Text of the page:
Birding in Poland

Edited By Adam Sterno | Oriolus Forläg | Hardback | April 2015 | I 610 Pages | 20 Plates with 40 Colour Photographs | 164 Maps | SBN: 9789197865210

The Publisher’s View: Poland is the most obvious destination in Europe to watch and listen to Aquatic Warbler. Forests and coppices provide shelter for all species of European woodpeckers. Wetlands are an important stopover point for migrating waders, geese and other water and wetland birds, while wet meadows are a perfect location to hear rasping Corn Crake. The population of White Stork in Poland is counted amongst the largest in Europe.

Birding in Poland is both for those planning a longer birdwatching trip to Poland and for those visiting bigger cities for business, with only a few hours or half a day to spare for birdwatching. For them, we have described in more detail the sites in Warsaw and Kraków – the two cities probably most often visited by foreigners. We have also included descriptions of sites near other cities, such as Lódz, Poznan, Wroclaw, Gdansk, Bialystok, Bydgoszcz, Lublin and Rzeszów.

Birding in Poland provides a description of 119 sites and 164 maps. It includes such famous sites as the Bialowieza Forest, the Biebrza River Valley and the Warta River Mouth, but also other sites, probably unknown but definitely worth visiting.

Birding in Poland also includes a general description of avifauna in Poland, practical tips on birdwatching and travelling around, a chapter on the legal aspects of birdwatching and two articles on Aquatic Warbler and White Stork, as well as photos of typical habitats and a checklist of the birds of Poland.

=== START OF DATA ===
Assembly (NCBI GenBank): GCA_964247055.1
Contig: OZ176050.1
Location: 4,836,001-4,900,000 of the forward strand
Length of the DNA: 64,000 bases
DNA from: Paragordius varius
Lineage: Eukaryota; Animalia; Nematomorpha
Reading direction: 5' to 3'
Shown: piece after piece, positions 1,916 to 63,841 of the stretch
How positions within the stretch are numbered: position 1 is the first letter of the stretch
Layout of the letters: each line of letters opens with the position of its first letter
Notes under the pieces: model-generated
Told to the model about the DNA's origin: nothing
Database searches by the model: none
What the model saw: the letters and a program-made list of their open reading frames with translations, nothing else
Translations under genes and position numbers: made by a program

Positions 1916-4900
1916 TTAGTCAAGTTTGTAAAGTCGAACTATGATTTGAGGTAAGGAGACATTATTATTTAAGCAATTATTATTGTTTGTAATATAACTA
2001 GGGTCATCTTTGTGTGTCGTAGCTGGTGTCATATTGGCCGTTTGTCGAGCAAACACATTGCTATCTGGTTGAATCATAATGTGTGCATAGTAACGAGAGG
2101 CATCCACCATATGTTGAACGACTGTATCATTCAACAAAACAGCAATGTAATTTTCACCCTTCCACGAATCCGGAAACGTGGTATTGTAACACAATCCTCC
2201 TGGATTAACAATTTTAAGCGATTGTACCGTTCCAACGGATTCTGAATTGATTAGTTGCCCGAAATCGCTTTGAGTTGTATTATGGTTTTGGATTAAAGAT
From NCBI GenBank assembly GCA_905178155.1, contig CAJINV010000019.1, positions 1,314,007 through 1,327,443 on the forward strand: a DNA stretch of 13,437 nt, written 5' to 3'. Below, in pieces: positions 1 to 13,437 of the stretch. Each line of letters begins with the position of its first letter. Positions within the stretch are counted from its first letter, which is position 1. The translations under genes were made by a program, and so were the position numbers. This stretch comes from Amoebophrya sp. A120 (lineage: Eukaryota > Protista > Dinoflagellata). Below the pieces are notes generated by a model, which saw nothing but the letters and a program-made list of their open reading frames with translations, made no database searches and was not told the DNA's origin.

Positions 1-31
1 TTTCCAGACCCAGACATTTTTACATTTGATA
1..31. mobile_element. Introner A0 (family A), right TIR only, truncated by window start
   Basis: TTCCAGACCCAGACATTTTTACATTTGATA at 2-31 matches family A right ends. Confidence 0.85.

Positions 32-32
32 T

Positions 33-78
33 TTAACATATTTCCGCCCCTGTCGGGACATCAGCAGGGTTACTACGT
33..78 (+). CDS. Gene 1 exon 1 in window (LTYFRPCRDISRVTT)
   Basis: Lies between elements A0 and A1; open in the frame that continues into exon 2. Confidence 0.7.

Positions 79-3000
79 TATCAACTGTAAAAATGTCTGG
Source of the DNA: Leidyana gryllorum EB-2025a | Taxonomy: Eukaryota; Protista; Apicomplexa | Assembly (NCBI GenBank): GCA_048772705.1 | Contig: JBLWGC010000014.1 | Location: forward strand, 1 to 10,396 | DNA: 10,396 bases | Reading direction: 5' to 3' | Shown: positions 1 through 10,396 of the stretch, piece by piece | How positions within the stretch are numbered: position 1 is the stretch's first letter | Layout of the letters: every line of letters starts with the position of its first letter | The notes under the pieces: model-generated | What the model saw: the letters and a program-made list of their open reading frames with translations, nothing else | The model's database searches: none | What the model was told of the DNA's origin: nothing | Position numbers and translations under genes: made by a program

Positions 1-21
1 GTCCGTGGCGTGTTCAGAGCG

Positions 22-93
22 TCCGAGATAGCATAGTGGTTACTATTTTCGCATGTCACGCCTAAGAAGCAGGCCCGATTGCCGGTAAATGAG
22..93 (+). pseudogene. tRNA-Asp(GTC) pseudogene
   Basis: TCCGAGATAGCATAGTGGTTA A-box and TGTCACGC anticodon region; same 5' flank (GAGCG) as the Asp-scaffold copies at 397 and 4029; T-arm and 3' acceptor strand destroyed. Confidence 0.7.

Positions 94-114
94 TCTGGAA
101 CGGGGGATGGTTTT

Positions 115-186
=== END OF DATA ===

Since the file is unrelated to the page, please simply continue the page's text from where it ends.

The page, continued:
The Author: The authors are 46 ornithologists, birdwatchers, and local avifauna experts from Poland.

Fatbirder View: This really is the most comprehensive guide I’ve ever seen with incredible range and detail. I know they are old fashioned features, but ribbons to mark places and a ‘thumb index’ along the page edges make this a very useable guide too. A comprehensive index supports the Poland regional map so you can look at sites in the area you intend to visit. I think the regional map would have benefitted from being larger, spread across a couple of pages and with some colour to help you get your bearings, but that is a minor quibble.

Of course, packing so much in has meant reducing paper quality and this in turn affects the maps which, while clearly based on the equivalent of ordnance survey, lose a little to grey scale and their relatively small size. Perhaps losing some detail in the style of familiar guides would make sense but this is such a brave attempt to make birding accessible in Poland I would not dwell on these minor shortcomings.

Frankly the introductory pages themselves would justify the purchase price and I think this is set to be a standard for those who want to really delve into the detail of birding in Poland. Highly commendable indeed!

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